Chinese-owned Westland Dairy Company is getting $1.7 million from the Government to accelerate plans to reduce carbon emissions produced by its Hokitika factory.
Chief executive Richard Wyeth says Miraka’s payout range for this season is $5.75 to $6.75, with the midpoint at $6.25, which he acknowledges is down on last season.
Wyeth says this price reflects the disruption, nervousness and uncertainty created by Covid-19 and what the next 12 months might look like.
“The dollar has come off and then strengthened quite quickly, then come off again. That uncertainty as to where the dollar is going to land and where prices are going to sit has made for a slightly more pessimistic view than last year,” he told Rural News.
“But overall, the signals we are seeing at the moment are positive.”
Wyeth says Miraka’s frozen milk concentrate, which the company launched this year, is a positive sign and a major focus of its refreshed growth strategy. The product is designed for the Asian market.
“The frozen milk concentrate is made by taking the concentrates out of the evaporator and freezing it and shipping into the market, where they defrost it and gets used as a milk product,” he explains. “The product is packed in a 20 litre bag and box.”
With solid demand for its UHT products, business for Miraka has been good. Wyeth says its milk powder business is solid and there is steady demand for this. He says there is a certain irony in that the outlook is really positive due to the fact that China, where 100% of Miraka’s UHT goes, is one of the only countries in growth.
“We have seen the demand really go through the roof since they have got through Covid and our two key customers have actually asked us for more UHT,” Wyeth adds.
“We are currently running at capacity, so we are stretching the plant at the moment. There was certainly a short term blip last season but for this current season the demand is very strong for UHT.”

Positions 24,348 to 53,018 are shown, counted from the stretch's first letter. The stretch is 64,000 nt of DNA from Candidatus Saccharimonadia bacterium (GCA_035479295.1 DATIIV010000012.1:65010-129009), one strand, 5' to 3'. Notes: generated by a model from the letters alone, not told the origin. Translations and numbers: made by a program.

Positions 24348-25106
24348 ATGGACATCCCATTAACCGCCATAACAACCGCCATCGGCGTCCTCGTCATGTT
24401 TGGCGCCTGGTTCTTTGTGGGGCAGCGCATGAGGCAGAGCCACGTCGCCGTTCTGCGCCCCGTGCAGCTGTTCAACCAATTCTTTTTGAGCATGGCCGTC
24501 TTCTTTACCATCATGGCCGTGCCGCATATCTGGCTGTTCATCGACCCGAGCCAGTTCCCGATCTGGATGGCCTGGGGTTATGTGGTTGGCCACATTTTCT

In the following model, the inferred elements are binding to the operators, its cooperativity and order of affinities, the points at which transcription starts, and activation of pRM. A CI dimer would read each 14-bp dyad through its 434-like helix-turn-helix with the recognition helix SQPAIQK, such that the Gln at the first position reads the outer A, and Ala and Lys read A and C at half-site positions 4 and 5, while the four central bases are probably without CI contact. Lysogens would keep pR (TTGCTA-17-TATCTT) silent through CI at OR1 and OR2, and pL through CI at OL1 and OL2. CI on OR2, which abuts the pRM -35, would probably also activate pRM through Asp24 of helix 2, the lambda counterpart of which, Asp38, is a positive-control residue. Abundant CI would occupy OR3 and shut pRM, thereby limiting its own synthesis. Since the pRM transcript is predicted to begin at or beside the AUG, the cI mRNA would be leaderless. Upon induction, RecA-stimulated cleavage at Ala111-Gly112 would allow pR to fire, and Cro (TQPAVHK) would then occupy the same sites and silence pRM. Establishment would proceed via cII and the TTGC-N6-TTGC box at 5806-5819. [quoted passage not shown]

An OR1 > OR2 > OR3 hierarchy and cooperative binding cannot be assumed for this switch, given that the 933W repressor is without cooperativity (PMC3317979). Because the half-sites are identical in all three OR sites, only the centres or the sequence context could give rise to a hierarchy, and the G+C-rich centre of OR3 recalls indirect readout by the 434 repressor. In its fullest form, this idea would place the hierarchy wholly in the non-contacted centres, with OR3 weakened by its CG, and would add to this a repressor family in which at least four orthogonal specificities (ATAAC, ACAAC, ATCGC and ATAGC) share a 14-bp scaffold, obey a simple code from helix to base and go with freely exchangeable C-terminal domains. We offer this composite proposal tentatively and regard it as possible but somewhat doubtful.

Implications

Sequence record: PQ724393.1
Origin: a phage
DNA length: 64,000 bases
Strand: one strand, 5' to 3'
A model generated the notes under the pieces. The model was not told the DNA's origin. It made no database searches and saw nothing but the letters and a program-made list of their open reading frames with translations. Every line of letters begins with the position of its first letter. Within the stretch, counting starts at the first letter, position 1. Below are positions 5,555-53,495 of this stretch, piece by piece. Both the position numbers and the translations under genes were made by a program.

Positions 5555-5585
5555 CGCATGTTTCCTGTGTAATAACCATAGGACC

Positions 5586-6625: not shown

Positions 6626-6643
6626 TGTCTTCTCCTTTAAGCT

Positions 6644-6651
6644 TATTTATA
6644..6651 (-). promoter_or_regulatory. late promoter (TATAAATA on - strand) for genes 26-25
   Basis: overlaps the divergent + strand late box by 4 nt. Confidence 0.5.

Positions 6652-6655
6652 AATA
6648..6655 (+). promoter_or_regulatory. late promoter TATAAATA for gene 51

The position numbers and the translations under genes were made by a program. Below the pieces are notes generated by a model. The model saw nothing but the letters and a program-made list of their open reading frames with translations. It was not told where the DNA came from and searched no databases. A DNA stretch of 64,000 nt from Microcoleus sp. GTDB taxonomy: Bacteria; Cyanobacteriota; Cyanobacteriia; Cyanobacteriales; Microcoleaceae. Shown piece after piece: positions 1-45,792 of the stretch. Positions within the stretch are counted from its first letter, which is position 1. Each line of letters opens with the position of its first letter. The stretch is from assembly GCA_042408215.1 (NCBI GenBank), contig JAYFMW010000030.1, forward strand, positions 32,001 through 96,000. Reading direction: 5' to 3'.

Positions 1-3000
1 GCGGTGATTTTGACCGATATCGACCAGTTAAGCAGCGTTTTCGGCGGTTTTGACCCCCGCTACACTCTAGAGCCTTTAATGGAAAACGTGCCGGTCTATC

Wyeth says a positive for Miraka during Covid was that the Chinese authorities encouraged their people to drink more milk.
He believes it’s interesting that when Covid first hit people were saying ‘don’t focus on China’.
“Three months later, the same people are saying ‘aren’t we lucky we have China’.”
Wyeth says Miraka has always been prudent and canvassed several markets from a risk management perspective. He says long term, the company is working with its partners in a bid to get more certainty from those partnerships to help de-risk their business.
Down on the farm
Richard Wyeth says, down on the farm, things are also looking good with the milk flows up 4% on last year. He says Miraka’s farmers are now starting to see the benefits of the Te Ara Miraka scheme, which incentivises them to focus on good environmental production systems.
Farmers who meet all the strict criteria of Te Ara Miraka can earn up to an extra 20 cents per kilogram on their milk for the season, while others who meet some of the criteria also get bonus payments.
“As a result of this scheme, our farmers are in a good position to deal with the new regulations,” Wyeth told Rural News.
“A lot of them have already got farm environment plans in place and they have got GRIS maps of all their land – so they are long way down the path already to be compliant which is pretty fantastic.”
Wyeth says the company’s farmers can now see the real benefits of Te Ara Miraka and how well it has positioned them for the future.